Daily Zen Library

1997

Five Houses of Zen

Translated by Thomas Cleary Thomas Cleary

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For all its emphasis on the direct experience on insight without reliance on the products of the intellect, the Zen tradition has created a huge body of writings. Of this cast literature, the writings associated with the so-called Five Houses of Zen are widely considered to be preeminent. These Five Houses-which arose in China during the ninth and tenth centuries, often referred to as the Golden Age of Zen-were not schools or sects but styles of Zen teaching represented by some of the most outstanding masters in Zen history.

The writing of these great Zen teachers are presented here, many translated for the first time. These include: The sayings of Pai-chang, famous for his Zen dictum "A day without work, a day without food" Selections from Kuei-shan's collection of Zen admonitions, considered essential reading by numerous Buddhist teachers. Sun-chi's unique discussion of the inner meaning of the circular symbol in Zen teaching. Sayings of Huang-po from The Essential Method of Transmission of Mind. Excerpts from The Record of Lin-chi, a great classical text of Zen literature. Ts'ao-shan's presentation of the famous teaching device known as the Five Ranks. Selections of poetry from the Cascade Collection by Hsueh-tou, renowned for his poetic commentaries on the classic Blue Cliff Record. Yung-ming's teachings on how to balance the two basic aspects of meditation: concentration and insight.

Related Journal Entries

Essentials of Mind

Part 1 Yuan wu (1063-1135) When the founder of Zen came to China from India, he did not set up written or spoken formulations; he only pointed directly to the human mind. Direct pointing... View Journal Entry »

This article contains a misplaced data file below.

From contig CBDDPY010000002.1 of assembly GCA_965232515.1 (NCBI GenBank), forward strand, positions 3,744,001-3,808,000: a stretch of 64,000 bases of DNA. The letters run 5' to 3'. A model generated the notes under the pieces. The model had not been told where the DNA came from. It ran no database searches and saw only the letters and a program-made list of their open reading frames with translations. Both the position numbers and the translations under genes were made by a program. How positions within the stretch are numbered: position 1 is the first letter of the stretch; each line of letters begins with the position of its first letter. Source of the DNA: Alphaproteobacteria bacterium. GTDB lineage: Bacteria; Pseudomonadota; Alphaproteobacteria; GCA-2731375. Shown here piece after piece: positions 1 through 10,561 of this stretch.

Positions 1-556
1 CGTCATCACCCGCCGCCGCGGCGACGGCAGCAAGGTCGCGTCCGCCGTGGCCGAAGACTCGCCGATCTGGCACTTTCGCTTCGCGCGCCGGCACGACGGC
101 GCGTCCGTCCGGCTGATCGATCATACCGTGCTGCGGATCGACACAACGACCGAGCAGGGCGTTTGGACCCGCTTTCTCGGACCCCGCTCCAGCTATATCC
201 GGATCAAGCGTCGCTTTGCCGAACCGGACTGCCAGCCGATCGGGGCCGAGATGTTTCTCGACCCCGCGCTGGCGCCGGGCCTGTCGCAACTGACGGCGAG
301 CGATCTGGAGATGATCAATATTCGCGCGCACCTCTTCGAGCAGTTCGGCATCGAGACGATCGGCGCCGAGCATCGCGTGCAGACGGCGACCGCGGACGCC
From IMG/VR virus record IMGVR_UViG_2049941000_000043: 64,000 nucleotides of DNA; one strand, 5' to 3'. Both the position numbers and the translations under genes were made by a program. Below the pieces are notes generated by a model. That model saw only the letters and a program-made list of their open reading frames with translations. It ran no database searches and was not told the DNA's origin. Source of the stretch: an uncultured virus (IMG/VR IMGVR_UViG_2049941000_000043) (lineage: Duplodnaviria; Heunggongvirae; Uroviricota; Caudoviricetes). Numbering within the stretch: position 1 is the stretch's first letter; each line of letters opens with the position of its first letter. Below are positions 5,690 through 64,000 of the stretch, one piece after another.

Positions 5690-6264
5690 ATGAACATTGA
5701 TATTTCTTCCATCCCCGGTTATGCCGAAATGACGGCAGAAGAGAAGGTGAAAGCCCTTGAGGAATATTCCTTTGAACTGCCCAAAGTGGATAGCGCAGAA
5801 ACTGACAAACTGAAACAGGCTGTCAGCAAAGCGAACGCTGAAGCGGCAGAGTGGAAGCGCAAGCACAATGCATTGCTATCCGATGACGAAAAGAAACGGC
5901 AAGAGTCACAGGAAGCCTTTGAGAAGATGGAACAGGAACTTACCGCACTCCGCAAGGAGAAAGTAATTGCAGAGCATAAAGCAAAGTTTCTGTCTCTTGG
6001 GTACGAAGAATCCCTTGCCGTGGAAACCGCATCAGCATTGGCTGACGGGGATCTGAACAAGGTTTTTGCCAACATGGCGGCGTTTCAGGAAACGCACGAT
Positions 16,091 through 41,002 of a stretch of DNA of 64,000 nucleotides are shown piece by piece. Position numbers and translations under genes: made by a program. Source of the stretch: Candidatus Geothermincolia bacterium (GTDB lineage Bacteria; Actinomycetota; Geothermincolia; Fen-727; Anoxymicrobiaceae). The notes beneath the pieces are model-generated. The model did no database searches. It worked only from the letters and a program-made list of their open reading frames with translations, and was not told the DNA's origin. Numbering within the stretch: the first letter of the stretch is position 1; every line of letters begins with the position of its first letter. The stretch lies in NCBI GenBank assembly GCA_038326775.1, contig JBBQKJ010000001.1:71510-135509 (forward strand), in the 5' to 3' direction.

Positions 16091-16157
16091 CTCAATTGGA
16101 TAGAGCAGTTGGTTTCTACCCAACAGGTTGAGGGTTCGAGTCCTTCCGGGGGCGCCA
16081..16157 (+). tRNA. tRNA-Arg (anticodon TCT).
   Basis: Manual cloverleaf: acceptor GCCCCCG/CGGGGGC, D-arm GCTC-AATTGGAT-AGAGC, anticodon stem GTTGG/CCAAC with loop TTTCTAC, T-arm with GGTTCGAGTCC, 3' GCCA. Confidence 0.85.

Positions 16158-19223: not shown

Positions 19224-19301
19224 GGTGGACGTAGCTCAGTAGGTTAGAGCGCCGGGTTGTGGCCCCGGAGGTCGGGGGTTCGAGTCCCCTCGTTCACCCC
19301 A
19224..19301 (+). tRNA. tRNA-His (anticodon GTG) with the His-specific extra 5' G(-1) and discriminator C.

The Cooperation of Concentration and Insight

Yung-ming (905-976) In Zen and the Teachings there are two methods, most honored of the myriad practices of ten perfections. At first they are called stopping and seeing, to help new... View Journal Entry »

Essentials of Mind 1

Yuanwu (1063-1135) When the founder of Zen came to China from India, he did not set up written or spoken formulations; he only pointed directly to the human mind. Direct pointing just refers... View Journal Entry »

The Ultimate Way

Yuan-wu (1063-1135) The ultimate Way is simple and easy, yet profoundly deep. From the beginning it does not set up steps. Penetrate directly through to freedom and make it so that there is... View Journal Entry »

Sayings of Lin-chi - Part I

Lin-chi (d. 867) People who study Buddhism in the present day should for now seek truly accurate vision and understanding. Then life and death will not influence you, and you will be free to... View Journal Entry »

Sayings of Lin-chi - Part II

The buddhas and Zen masters of all times and places have emerged only on account of a search for truth. Present day seekers are also in search for truth. Only when you attain truth will you be... View Journal Entry »